We followed the instructions and we had one cup of coffee. We tasted it. At first, M. said she couldn’t tell if anything was very special about this coffee. She hasn’t tried it brewed using the machine. After a while, however, she pursed her lips after sipping, savoring the coffee in her mouth, and said that she can appreciate the press now. It is indeed good coffee.

It is the pressing down that is the most satisfying part. There is a ritual to it, and to some extent I guess if you imagine the grinds are little drowning people you can pretend you are a wrathful God crushing them to the bottom of a black sea. That is why, to me, it is satisfying: For if I were to be a God, I might as well be the Old Testament God before he got a son and mellowed out in the New Testament.

I cannot tell if it is because the press is new, but I like making my own coffee now and enjoy the ritual. I’ve spoken about rituals before, about how they are practice for dying, and how comforting that is. I made my mother some coffee so she could try it. She mixed cream and sugar to it and she ruined everything the press adds to a cup of coffee.

3. “Love,” she said, “makes the world go ‘round.”

“It’s original angular momentum and you know it,” I said. “Do not make assumptions about the universe. You know how that irritates me.”

4. I find myself these days a very angry person, and usually unable to write because whenever I try to examine the details of human existence, prior to writing them down as is the cosmic duty of anyone who calls themselves a writer (itself a bad habit), I find the flow of my thoughts obstructed by a stubborn hatred; and in this way I consider my writer’s block a kind of creative constipation, primarily because it exhibits a definitely and identifiable blockage, rather than a mere inability to produce; and in fact these long ramblings are the result of an unfiltered overflow that results from such constipation. One has to wonder if this does not ultimately lead to some type of explosion, and if it does, what form will this explosion take? Many times I felt my mind close to bursting, and one has to wonder if these feelings are illusions or actual indications.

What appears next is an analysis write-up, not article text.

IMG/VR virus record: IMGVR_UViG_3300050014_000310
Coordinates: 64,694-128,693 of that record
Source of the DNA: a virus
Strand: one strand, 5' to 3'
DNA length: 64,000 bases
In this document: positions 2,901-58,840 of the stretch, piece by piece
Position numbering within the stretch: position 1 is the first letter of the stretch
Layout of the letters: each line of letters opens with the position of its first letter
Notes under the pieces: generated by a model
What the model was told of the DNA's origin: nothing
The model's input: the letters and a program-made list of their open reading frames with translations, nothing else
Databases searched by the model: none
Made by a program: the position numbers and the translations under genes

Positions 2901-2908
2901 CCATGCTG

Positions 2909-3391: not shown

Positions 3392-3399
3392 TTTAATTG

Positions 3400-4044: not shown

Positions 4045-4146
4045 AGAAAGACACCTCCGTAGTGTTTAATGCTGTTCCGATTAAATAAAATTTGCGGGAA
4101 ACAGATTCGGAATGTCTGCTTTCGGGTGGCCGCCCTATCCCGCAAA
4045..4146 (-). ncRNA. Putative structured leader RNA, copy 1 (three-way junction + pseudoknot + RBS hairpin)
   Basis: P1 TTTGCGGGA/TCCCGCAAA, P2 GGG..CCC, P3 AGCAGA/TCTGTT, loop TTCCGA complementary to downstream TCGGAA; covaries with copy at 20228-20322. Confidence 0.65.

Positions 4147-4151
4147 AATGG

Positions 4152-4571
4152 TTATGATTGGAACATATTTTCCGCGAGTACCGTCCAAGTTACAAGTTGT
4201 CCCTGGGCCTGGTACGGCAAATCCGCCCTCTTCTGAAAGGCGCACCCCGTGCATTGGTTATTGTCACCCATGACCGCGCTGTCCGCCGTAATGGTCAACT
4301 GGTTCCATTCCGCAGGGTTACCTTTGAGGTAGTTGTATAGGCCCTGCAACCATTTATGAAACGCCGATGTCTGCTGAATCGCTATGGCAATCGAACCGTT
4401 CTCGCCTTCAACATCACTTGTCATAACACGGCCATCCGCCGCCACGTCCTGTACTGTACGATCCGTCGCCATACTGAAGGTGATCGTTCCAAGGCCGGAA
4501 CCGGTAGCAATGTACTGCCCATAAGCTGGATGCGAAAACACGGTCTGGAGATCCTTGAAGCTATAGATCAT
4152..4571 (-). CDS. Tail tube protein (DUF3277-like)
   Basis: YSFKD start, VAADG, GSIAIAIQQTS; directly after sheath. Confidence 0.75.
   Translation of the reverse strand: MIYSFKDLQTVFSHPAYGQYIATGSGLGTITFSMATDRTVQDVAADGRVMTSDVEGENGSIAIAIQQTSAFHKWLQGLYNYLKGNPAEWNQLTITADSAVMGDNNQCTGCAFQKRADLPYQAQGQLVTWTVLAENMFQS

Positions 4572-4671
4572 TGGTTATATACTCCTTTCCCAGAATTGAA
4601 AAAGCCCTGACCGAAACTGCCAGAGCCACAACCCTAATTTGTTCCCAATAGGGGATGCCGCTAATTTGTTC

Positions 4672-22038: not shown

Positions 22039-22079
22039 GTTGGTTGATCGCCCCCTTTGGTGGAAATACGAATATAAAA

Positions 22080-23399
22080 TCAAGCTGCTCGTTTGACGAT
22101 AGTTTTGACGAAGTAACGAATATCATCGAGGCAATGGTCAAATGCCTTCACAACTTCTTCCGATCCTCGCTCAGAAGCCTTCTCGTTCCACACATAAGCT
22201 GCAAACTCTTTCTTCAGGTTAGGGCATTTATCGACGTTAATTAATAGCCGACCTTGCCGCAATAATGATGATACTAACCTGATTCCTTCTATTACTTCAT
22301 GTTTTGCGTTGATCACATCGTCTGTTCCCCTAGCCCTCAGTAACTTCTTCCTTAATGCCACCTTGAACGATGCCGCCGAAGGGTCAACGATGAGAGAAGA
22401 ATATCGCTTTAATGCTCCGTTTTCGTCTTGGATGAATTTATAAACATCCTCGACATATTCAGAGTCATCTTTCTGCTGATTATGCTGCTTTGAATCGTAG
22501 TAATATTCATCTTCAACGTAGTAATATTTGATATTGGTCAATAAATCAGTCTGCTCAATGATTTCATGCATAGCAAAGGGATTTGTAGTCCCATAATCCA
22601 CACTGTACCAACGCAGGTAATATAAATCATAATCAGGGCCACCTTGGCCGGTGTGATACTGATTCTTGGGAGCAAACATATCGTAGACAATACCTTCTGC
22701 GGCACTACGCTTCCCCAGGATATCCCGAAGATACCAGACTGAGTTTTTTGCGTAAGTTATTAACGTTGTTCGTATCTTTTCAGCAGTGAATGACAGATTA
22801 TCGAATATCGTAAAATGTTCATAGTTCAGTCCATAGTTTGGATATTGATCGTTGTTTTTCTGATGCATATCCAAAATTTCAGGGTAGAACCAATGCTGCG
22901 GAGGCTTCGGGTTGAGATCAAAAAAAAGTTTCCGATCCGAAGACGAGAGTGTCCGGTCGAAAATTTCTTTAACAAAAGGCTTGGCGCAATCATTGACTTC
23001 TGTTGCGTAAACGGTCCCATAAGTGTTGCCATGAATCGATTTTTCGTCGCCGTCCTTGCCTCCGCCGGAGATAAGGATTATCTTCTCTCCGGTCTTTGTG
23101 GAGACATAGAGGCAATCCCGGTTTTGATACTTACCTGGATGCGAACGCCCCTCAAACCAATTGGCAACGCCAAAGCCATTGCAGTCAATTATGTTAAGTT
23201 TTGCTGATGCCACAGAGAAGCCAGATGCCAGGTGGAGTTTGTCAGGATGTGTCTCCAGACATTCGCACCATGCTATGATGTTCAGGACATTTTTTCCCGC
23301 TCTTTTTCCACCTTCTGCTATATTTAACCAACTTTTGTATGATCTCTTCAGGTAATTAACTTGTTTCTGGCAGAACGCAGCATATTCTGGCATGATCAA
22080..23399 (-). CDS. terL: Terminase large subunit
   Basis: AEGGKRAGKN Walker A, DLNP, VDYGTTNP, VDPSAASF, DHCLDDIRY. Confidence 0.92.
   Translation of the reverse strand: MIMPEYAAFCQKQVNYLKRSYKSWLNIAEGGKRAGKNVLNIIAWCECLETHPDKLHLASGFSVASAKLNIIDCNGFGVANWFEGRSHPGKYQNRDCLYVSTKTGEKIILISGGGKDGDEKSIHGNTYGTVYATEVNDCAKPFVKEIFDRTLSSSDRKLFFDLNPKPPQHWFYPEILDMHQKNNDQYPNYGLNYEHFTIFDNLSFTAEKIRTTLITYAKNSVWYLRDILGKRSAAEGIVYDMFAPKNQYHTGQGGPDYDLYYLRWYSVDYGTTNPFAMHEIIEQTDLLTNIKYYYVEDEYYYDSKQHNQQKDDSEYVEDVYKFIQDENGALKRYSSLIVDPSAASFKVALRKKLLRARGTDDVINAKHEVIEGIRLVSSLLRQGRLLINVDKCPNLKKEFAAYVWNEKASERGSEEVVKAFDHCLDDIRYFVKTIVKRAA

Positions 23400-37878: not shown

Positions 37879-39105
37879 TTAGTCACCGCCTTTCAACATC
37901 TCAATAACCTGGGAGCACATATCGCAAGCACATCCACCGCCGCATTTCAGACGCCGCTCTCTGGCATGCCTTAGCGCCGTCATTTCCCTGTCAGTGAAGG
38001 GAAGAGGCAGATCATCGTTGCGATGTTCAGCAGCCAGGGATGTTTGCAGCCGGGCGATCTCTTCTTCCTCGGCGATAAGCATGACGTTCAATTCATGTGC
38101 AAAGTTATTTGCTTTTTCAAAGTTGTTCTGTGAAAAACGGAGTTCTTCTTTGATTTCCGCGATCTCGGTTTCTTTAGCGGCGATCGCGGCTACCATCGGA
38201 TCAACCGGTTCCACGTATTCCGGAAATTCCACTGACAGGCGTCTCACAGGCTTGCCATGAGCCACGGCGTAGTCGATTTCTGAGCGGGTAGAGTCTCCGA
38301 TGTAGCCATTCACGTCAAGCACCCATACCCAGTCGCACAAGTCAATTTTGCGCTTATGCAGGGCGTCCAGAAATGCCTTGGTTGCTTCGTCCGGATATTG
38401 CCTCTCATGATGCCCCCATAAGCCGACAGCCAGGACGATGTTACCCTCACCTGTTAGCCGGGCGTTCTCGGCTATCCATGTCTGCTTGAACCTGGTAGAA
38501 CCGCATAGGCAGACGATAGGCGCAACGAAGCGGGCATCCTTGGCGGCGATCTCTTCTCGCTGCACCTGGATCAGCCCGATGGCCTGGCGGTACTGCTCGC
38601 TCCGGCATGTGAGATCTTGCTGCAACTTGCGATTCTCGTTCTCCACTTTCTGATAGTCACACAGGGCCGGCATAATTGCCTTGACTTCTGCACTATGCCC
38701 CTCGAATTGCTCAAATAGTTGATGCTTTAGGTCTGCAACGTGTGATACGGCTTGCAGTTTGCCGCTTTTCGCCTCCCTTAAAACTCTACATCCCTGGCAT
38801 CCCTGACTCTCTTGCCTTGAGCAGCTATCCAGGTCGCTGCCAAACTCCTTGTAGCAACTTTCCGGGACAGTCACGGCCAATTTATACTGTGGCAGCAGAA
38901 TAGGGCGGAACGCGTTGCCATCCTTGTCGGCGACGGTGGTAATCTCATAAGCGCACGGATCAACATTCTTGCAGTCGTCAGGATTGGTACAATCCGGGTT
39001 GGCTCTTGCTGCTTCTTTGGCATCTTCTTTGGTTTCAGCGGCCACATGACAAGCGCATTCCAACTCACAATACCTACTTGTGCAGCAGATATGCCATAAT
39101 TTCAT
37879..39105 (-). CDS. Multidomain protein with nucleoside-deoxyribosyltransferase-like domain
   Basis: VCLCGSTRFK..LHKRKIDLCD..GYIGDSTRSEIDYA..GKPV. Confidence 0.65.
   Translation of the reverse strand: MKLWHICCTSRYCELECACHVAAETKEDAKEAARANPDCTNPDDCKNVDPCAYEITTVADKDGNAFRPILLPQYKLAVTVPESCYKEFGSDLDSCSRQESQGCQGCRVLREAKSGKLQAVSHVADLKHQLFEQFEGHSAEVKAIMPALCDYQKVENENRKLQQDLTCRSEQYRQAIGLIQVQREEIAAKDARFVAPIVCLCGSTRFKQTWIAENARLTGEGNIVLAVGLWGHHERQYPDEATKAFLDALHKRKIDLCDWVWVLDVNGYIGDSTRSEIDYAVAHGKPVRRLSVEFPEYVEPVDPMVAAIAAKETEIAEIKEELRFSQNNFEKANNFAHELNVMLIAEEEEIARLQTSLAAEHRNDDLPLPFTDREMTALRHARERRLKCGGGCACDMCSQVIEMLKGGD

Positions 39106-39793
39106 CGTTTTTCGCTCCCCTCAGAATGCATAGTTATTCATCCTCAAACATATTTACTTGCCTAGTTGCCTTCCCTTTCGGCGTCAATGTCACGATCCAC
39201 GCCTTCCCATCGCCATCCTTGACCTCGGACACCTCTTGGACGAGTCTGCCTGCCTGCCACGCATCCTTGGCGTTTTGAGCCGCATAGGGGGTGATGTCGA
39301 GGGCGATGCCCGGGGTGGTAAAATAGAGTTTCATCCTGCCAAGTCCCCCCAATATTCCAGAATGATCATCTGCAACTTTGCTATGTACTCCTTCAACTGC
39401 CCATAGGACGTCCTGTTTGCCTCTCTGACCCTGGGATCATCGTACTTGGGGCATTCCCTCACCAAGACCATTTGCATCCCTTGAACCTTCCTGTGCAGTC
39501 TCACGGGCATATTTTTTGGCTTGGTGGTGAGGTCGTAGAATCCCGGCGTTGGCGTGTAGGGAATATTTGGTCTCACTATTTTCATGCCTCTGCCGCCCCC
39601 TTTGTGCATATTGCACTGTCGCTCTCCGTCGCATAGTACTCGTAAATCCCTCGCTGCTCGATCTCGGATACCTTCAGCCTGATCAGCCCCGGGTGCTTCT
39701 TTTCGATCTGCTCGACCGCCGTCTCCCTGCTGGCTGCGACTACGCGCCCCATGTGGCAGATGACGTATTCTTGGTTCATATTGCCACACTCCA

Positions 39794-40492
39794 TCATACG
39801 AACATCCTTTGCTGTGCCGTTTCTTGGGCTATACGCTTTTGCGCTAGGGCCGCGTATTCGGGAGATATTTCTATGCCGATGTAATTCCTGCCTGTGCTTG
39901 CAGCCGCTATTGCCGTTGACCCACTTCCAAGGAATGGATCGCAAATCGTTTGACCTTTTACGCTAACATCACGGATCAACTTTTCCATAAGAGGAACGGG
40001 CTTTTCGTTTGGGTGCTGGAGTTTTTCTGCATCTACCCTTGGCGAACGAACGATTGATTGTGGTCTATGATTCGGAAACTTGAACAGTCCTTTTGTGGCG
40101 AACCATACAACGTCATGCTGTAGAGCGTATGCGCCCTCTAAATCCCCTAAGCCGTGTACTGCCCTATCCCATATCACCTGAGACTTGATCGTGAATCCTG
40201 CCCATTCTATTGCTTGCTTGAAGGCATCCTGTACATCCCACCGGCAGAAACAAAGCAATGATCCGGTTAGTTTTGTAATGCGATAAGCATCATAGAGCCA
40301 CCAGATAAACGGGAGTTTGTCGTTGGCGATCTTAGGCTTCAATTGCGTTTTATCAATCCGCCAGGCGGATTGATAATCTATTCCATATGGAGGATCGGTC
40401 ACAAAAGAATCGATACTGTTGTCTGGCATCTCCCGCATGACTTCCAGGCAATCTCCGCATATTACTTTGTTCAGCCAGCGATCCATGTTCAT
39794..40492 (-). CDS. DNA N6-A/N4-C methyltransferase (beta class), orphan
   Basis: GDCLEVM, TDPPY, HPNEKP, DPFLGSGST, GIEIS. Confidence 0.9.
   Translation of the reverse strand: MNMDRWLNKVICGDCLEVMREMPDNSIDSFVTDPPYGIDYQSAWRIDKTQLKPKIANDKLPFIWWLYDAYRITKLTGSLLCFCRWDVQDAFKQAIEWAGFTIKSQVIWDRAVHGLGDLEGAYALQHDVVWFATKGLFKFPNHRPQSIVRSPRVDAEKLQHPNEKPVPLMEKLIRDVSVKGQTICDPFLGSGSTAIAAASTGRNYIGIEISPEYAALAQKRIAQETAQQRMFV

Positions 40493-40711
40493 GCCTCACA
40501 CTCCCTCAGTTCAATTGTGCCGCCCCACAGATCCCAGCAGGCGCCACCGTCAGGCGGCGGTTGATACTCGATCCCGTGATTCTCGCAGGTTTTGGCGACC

As to what I am actually angry about, I cannot say much: Suffice it to say that whenever I am met with failure, I prefer it to be my own. No person must ever have to carry the weight of another person’s failure. It is the height of both shame and uselessness to have this happen, and propriety is never much about ensuring one’s success as it is about containing one’s failure. “Excuse me” and “Thank you” are acknowledgement of our own micro-failures, our faults that have us rely on other people; and to burden one’s failure on another is a truly horrible and inexcusable thing, and it is the very thing against which we have built the entirety of manners, of propriety, ultimately, of human dignity—that is to say, the inability or unwillingness to commit to one’s failures is a most undignified thing. This is what I am angry about.

Of course we are not allowed to say, at the same time, that we are burdened by the failures of others, because it is our own failure that, say, we have led people into our lives who are failures, or have failed to realize soon enough that they are failures, and in this aspect I suppose I must learn to move on, and may be the very cause of my blockage, of my anger. It is not so much the failure that was forced upon me as it is my failure with regard to the failure of another, and it is such a complicated mess that there is no use cleaning it up. The worms of time will eat it up by itself, as will it with our corpses, soon enough; but I suppose the idea is for this mess to be eaten up first, way before they catch up to me.